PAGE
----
jPaq – Changes In Wildcard Expression Parsing

After reviewing this page, I realized that I need to fix some of the ways that jPaq converts wildcard expressions into regular expressions. The first thing I need to do is have the @ character act as a meta-character equivalent to the + meta-character in a regular expression. The next thing I need to change is the effect of prefixing a character with the ~ character. In reality, this character is actually doing what both the \ character and the ^ do. This means that the \ character will need to start acting like the escape character (which will not be hard since that automatically happens in regular expressions). That also means that the following translations will have to occur:

Wildcard RegExp
^t \t
^^ \^
^s \u00A0

Match Beginning & End of Words

One of the things I had to study up on while creating jPaq was regular expressions. The reason for this is because I wanted a way for those who know how to use wildcard expressions, but not regular expressions, to be able to use equivalent regular expressions. One of the more interesting tasks that I had was approximating the ability to use the word ending meta-characters:

  • <
  • >

The less than sign represents the beginning of a word, while the greater than sign represents the end of a word. The question is, how do you represent these two in the form of a regular expression. In order to do so, I am using a positive look-ahead grouping. Here is the regular expression for matching the beginning of a word:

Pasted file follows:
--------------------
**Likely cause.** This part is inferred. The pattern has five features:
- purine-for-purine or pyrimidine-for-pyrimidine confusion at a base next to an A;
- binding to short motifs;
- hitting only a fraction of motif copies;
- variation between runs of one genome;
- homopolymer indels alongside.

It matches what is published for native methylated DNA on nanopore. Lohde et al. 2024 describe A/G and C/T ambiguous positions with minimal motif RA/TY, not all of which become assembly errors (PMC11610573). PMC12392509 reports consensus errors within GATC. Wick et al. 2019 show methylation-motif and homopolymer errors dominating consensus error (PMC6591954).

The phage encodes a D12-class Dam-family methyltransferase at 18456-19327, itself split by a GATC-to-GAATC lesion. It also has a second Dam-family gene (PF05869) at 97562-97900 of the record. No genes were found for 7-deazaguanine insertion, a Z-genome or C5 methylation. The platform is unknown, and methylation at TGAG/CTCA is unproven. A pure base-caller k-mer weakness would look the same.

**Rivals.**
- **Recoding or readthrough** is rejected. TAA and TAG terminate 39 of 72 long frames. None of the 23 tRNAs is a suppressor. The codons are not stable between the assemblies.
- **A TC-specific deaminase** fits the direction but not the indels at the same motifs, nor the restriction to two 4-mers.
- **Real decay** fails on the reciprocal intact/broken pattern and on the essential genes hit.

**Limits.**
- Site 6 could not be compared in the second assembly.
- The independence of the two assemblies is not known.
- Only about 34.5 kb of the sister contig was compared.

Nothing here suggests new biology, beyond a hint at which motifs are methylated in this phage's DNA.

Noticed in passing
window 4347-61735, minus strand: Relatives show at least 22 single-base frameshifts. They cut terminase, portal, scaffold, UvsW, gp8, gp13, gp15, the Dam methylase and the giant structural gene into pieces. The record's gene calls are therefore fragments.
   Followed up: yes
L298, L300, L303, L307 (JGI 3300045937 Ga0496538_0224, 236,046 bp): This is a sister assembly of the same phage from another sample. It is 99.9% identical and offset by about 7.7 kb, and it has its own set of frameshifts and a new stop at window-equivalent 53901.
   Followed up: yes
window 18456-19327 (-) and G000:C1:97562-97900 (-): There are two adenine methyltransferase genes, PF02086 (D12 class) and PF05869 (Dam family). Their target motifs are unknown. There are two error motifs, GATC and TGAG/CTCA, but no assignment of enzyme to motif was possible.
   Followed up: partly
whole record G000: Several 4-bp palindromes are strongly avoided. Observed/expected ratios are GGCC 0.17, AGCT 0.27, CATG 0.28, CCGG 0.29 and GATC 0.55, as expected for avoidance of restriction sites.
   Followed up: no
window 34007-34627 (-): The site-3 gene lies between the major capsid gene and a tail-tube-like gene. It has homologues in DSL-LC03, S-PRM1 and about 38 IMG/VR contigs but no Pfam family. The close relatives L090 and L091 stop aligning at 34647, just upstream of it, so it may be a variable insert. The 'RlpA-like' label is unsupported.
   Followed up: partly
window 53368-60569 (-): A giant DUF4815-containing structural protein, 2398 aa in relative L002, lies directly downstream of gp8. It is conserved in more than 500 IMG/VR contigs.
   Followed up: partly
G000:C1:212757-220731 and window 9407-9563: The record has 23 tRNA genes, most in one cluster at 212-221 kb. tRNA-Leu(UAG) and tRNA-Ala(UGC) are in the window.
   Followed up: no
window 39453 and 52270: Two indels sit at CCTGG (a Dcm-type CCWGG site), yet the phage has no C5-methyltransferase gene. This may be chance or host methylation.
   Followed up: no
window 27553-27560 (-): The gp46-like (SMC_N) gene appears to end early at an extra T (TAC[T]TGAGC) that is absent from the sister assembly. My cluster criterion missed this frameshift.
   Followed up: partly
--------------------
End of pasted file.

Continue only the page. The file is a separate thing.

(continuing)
Here is the regular expression for matching the end of a word:


As of right now, jPaq creates regular expressions which do the same thing, but these are actually better optimized. Therefore, in the next version, I will definitely use these to shorten and optimize the generated expressions. In fact, tomorrow I will talk about what else needs to change in jPaq to better approximate wildcard expressions that are available in Microsoft Word.

From Wildcards To Regular Expressions

There are a lot of people out there that no how to do file searches and Microsoft Word searches by using wildcard characters, but not as many people know how to work with regular expressions. That is the main reason why I added the RegExp.fromWildExp() function to jPaq. In addition, I have created an example page which dynamically generates the regular expression from the wildcard expression that you specify. Check this jPaq example out by clicking here.  The initial example shows you how to write a regular expression that matches all text that starts at the beginning of a word with a capital “J” and ends at the end of a word with a lowercase “t”.  NOTE:  Unlike regular expressions, wildcard expressions look to find the smallest match possible.